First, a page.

Prisoner of War Preview

Colonel Klink watch out--the upcoming Prisoner of War looks like it will give the sorely neglected "escape-from-a-Nazi-POW-camp" genre a stiff shot in the arm with Metal Gear Solid-type stealth and the promise of nonviolent strategy.


To find Codemasters' inspiration for its upcoming game, Prisoner of War, you need look no further than the classic film The Great Escape. Aside from the baseball-tossing, motorcycle-racing misanthrope played by Steve McQueen, the movie was a pretty faithful retelling of the true story about an all-or-nothing break for freedom during the dark hours of World War II. The premise of the PlayStation 2 game Prisoner of War is no different--apparently, if a concept is good enough for Hollywood, it's good enough for us gamers. Publisher Codemasters has tasked a new developer, Wide Games, with making the organization, planning, and stealth that go into any successful prison-camp break into something resembling an actual game that's fun to play.

You'll find POW's story to be your typical blend of World War II clichés. You control four prisoners, each with his own history of how he wound up in the prison camps and a determination to find a way to freedom. You will play as an American, an Englishman, a Dutchman, and a Frenchman. The game is set in 1941, but it's a safe assumption that the story will take place during the later years of the war at some point as well since there were no American servicemen in the European theater until late 1942. This isn't to suggest that POW is historically inaccurate; in fact, its settings are worthy of special note because Wide Games is basing them on actual WWII camps like Colditz Castle, Salonika, and Stalag Lufts I and III.

You'll find that Prisoner of War breaks every planned escape down into a series of smaller missions that will have you completing a variety of mundane tasks in preparation for your moment of flight. Of course, you and your compatriots will need to have expertise in a variety of fields to stand a chance of success against the Nazi captors. To this end, Wide Games has given each of the four characters special traits. Some of the planned attributes are athleticism, which lets your character run faster, carry more, and knock out Nazi guards with ease; charm, for appearing innocuous when you're caught committing a suspicious act; stealth, for added invisibility when sneaking around the camp; and reconnaissance, which gives you a greater range of sight and the ability to read your opposition, such as when you're being watched. These attributes are divided among the four characters and can be enhanced and modified while you're planning each escape.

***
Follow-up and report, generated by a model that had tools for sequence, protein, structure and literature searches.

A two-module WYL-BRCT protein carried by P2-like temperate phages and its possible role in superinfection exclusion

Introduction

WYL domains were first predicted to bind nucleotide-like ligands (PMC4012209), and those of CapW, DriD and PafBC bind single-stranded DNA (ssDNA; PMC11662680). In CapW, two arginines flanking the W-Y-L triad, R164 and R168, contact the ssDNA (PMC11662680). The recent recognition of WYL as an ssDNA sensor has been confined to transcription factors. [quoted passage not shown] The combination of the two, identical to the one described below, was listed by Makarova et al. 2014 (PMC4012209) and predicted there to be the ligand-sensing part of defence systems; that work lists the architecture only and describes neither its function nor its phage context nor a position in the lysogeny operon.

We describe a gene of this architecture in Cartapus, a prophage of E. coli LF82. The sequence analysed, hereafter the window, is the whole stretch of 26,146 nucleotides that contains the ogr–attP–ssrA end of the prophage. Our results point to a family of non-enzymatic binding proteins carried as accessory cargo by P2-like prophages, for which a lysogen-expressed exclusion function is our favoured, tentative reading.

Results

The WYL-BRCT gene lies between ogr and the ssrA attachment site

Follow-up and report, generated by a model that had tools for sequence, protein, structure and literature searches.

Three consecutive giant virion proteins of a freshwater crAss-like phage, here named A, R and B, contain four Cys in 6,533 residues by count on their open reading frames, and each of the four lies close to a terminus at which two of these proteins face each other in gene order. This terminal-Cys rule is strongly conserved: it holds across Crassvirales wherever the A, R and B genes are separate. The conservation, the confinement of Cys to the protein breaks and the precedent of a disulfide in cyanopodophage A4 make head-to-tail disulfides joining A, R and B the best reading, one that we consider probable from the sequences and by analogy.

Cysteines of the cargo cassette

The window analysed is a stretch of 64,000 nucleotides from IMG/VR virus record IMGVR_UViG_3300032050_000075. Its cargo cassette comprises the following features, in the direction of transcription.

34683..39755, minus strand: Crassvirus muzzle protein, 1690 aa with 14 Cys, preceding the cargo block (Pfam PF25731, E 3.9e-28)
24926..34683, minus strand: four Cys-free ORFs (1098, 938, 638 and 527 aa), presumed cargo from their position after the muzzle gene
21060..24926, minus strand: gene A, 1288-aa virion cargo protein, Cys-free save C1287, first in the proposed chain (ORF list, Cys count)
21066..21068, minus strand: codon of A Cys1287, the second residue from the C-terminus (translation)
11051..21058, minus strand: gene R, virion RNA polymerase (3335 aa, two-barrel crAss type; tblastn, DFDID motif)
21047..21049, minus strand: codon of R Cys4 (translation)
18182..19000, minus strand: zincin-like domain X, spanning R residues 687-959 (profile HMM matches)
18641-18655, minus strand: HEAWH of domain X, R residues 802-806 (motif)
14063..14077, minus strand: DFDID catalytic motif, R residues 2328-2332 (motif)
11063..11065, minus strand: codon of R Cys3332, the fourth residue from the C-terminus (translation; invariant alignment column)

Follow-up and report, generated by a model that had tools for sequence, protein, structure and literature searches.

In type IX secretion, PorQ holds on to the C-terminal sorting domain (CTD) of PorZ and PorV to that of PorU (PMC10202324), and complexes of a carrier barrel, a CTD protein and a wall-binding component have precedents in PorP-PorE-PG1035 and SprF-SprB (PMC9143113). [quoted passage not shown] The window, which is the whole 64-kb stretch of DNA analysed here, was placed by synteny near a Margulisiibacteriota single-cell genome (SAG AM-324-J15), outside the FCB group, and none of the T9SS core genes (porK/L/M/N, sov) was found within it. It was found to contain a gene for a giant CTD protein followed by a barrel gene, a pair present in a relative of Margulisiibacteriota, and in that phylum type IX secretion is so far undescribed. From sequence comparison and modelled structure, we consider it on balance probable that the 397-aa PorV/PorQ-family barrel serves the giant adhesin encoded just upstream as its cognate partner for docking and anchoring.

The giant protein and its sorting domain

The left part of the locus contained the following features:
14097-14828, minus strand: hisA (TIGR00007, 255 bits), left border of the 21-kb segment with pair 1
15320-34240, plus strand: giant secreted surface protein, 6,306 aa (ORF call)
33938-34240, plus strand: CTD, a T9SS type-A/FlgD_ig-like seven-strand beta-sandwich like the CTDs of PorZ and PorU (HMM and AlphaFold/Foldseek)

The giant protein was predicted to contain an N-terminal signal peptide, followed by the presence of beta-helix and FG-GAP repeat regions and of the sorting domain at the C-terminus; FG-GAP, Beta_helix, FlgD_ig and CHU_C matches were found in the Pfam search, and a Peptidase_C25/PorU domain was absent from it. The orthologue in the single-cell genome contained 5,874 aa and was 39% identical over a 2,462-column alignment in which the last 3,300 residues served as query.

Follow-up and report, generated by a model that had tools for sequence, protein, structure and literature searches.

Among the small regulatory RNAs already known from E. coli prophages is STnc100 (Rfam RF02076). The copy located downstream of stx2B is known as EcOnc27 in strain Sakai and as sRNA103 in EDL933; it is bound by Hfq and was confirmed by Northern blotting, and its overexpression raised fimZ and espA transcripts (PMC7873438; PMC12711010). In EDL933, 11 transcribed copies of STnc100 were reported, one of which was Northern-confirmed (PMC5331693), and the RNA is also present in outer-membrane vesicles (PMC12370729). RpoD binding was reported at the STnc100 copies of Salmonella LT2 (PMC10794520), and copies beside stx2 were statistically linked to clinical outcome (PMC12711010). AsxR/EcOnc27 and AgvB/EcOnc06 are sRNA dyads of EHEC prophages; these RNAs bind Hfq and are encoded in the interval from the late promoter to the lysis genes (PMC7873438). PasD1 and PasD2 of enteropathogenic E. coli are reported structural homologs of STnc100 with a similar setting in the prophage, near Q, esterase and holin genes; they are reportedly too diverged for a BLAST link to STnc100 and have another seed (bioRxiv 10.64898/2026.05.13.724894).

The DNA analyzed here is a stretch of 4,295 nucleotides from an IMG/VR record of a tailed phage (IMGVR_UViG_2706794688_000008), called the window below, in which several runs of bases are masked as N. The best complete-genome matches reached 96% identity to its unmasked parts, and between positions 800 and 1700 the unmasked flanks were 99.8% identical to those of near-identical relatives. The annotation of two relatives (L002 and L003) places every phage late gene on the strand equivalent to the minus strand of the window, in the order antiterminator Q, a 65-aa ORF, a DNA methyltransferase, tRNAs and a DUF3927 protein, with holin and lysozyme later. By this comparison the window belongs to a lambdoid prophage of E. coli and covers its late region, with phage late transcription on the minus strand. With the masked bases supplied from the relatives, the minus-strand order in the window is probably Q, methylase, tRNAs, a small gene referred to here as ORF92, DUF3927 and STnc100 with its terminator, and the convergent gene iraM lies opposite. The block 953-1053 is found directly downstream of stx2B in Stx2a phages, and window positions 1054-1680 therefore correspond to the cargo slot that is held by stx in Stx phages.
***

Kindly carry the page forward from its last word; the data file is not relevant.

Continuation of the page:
Prisoner of War takes place in a third-person perspective using Wide Games' Atlas engine. The engine allows for a variety of weather and lighting effects, which apparently serve more than just a cosmetic purpose; they may actually assist or hinder your escape plans. For example, when it's snowing, guard patrols are reduced in number, and their visibility is limited. This makes sneaking about the camp a much easier affair. Similarly, you can use the time of day to your advantage. For instance, you will be able to accomplish some objectives only during the night. Here, stealth and deft maneuvering come into play as you try to stay out of sight of the Nazi watchtowers and patrols.

The quality of the graphics we've seen so far is questionable. They're best described as plain and consistently simple. There is a low polygon count for most characters and some rough textures, which is surprising, considering they're on the PlayStation 2. That having been said, it should be noted that the visuals still do a good job of conveying the deplorable atmosphere of the prison camps and making the degenerate environs and dirty prisoners look appropriately muddy, gray, and uninviting.

A few of Prisoner of War's important details have yet to be revealed--specifically, how much action and combat are involved in these would-be escapes. From all indications, the game looks like it's holding true to its (relatively) nonviolent premise. You can expect Prisoner of War to be a methodically paced game that will focus on stealth and time-consuming preparation and teamwork rather than mindless explosions and gunplay. Despite the vanilla graphics shown in the current build, Prisoner of War's interesting premise and unique gameplay should make it one to keep an eye on when it arrives on the PlayStation 2 this fall.

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